Can Our Business Models Support Renewable Energies?

Our current business models may not support the implementation of renewable energies as our main energy sources in the future. Because the market for wind power is changing, many companies are finding it difficult to survive. Hydropower is continuously under discussion due to its environmental impact, and photovoltaic energy has been pressured by dropping market prices and overcapacity. Projects like DESERTEC, whose goal is to produce energy in the deserts of this world, are blocked due to the lack of connection between the desert and the areas that need the energy. The impact of biomass on food sources and the environment is being debated. Due to the discontinued production of renewable energies, storage is needed for times, where no energy production is possible, but  no satisfactory storage system exists today. A world with discontinued energy sources and varied lifestyles needs complex energy management, but this is currently only partially in place. We must overcome these difficulties and adjust the direction of developments so that a world supplied only with renewable energy can be achieved.

In the case of the photovoltaic industry, it was a fascinating idea to use the sun’s energy, which is available to produce energy everywhere. The physical basics were worked out for this long ago, and the first cells with crystalline silicon have been produced. However, using the same technology and the same sources used for semiconductors has made the solar cells very expensive. Because of this, the subsidies implemented for solar power have been very high. No one could have imagined the drop in prices that occurred after such a short time or the idea that solar energy could survive with little or no subsidy, but a strong price drop took place when the production of photovoltaic panels was moved to China. In addition, production capacity in China was initiated by government subsidies. Cheap silicon sources have been established and big production lines for photovoltaic solar cells have been built up, but worldwide the entire industry is dissatisfied with the profits that can be earned with this technology. This situation is favorable to the end user, but companies that cannot adjust to the strong price drop are sustaining heavy losses. Currently, the biggest solar power installations are done only in Europe (more precisely, in Germany and Italy), in the US, and now in China as well. The older installations were all founded by high subsidies and will require additional subsidies over the next couple of years. The developing technology focused primarily on optimization of the crystal silicon cells and frequency inverters, which make it possible to connect the photovoltaic panels to the grid. At this point, however, no company wants to spend any more money for photovoltaic because of the fear of not earning it back. Many developments are still necessary before we can finally implement photovoltaic as the world’s main energy source. We need to develop:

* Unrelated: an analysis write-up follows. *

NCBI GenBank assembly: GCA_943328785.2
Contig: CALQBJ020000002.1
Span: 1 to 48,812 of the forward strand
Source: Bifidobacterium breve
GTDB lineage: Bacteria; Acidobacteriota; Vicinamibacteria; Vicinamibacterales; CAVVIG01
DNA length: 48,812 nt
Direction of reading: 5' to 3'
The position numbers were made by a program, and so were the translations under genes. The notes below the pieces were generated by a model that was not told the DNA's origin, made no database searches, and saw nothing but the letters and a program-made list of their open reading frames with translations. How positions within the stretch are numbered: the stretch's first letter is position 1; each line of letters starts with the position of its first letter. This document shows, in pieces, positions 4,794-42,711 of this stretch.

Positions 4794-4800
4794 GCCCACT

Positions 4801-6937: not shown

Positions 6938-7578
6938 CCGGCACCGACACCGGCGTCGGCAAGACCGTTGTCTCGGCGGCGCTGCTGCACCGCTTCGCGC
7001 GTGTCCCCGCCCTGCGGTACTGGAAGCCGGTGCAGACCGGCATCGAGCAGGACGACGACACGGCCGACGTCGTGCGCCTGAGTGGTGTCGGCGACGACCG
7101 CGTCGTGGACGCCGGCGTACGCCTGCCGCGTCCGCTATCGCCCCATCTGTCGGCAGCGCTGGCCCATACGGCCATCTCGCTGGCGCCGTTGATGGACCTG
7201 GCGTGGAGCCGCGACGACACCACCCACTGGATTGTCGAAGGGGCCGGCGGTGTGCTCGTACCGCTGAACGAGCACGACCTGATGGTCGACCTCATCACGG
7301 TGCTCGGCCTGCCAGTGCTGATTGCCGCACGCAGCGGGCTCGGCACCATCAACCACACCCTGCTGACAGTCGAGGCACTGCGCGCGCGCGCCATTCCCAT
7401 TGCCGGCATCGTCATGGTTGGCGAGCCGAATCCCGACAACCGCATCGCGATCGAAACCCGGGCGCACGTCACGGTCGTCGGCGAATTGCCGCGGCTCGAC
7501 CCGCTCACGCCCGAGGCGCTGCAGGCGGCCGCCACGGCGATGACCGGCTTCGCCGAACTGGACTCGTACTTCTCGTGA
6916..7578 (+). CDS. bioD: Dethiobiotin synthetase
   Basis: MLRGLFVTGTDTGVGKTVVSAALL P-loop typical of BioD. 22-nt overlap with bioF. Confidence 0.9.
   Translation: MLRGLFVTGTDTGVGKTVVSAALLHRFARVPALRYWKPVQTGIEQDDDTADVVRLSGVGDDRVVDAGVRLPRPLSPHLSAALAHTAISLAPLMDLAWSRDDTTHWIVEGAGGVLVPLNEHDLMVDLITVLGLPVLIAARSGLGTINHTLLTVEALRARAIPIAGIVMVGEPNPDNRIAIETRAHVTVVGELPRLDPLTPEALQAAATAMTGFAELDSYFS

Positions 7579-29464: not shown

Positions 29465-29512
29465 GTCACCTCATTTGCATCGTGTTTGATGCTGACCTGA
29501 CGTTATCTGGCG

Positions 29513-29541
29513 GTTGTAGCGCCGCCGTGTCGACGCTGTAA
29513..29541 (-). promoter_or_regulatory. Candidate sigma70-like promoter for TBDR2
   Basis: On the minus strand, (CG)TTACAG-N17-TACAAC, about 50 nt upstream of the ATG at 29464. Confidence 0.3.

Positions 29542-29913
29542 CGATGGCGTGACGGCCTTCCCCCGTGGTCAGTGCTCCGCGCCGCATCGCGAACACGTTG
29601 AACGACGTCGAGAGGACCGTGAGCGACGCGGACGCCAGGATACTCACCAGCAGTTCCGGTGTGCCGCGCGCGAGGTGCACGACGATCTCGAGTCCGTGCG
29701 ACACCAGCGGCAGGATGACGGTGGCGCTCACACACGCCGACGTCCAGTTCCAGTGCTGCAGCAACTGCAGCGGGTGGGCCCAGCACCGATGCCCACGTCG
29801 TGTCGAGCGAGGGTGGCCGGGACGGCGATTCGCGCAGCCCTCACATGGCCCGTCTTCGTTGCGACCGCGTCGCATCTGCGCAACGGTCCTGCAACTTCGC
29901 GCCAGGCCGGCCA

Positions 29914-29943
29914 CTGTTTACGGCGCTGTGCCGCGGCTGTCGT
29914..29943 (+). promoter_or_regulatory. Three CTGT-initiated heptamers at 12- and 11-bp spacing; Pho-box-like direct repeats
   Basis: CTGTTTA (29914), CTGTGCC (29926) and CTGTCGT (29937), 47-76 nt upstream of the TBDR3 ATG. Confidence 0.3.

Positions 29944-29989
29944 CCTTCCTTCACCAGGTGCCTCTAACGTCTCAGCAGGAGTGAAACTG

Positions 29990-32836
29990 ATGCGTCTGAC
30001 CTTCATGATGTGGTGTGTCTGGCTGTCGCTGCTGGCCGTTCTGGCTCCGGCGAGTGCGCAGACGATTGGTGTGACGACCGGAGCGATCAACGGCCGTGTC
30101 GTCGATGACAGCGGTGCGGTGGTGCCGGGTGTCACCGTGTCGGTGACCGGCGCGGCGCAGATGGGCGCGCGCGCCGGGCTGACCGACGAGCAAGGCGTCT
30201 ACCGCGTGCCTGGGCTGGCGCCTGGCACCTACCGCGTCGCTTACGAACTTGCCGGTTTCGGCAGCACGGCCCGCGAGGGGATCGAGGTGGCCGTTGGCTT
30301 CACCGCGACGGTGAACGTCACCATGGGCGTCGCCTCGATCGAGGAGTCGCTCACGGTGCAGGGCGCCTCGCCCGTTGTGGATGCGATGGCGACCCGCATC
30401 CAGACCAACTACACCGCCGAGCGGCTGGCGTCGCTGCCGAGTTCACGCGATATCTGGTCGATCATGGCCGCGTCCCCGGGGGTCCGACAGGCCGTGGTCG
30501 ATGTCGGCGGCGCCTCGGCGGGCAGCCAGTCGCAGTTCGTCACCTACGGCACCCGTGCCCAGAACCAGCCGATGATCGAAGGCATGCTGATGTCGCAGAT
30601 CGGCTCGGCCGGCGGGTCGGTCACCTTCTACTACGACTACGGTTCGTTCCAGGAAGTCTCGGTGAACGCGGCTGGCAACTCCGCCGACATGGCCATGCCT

• Thin-film technology in order for photovoltaic to escape the high energy demands of the silicon production process.
  • Biological photovoltaic in order to get flexible foils that can be glued onto windows or facades
  • Cheap, decentralized energy storage to equalize the discontinuity of solar energy production

 An energy management system and software to manage this highly complex energy system

We also need technological developments as well as business cases and social developments to guarantee the success of photovoltaic. These would include:

  • The introduction of photovoltaic in the countries that are not currently installing photovoltaic
  • Intelligent service and finance solutions to facilitate the implementation of photovoltaic in other countries
  • An energy pricing system, which includes the consequential costs for the fossil energy sources and for the nuclear energy (photovoltaic is close to 0.6 $/KWh compared to coal and nuclear energy, which are 0.35 $/KWh).
  • Worldwide awareness of the risk of climate change

There is much to do before photovoltaic will be finally implemented as the world’s main energy source. At present time, the entire photovoltaic industry seems to be afraid of the future and is not undertaking the necessary tasks that will shape it. Photovoltaic has a lot of potential for our energy future; now we must find the way to combine the technology with economical business models. The crystal silicon solar cell seems to have become a commodity. Future business models should not focus on the crystal silicon solar cell. Future business models should be created around the crystal silicon solar cells with view to the thin film technology.

Some examples of the kinds of business models that could develop the technology and services as well as society and the services in the right direction and could be done economically:

  • Companies could set up sales and service networks in Africa and/or South America to sell standalone solutions, which should then be developed into networks for villages, cities, or regions. These companies would need to have system knowhow, energy storage solutions, and project development processes.
  • Consultants could develop and execute energy awareness programs for countries and regions
  • Even in China and the US, where the big players are focusing on big projects, companies could develop systems to sell in individual-user markets.
  • European and US companies should focus on participating in networks that will further the development of photovoltaic technology.

These ideas should be developed further in order to disengage from the present situation. The strong price drop for photovoltaic should not be the roadblock, to develop photovoltaic further. It should be treated as a push in the direction to enhance further developments.

Leave a Reply

Your email address will not be published. Required fields are marked *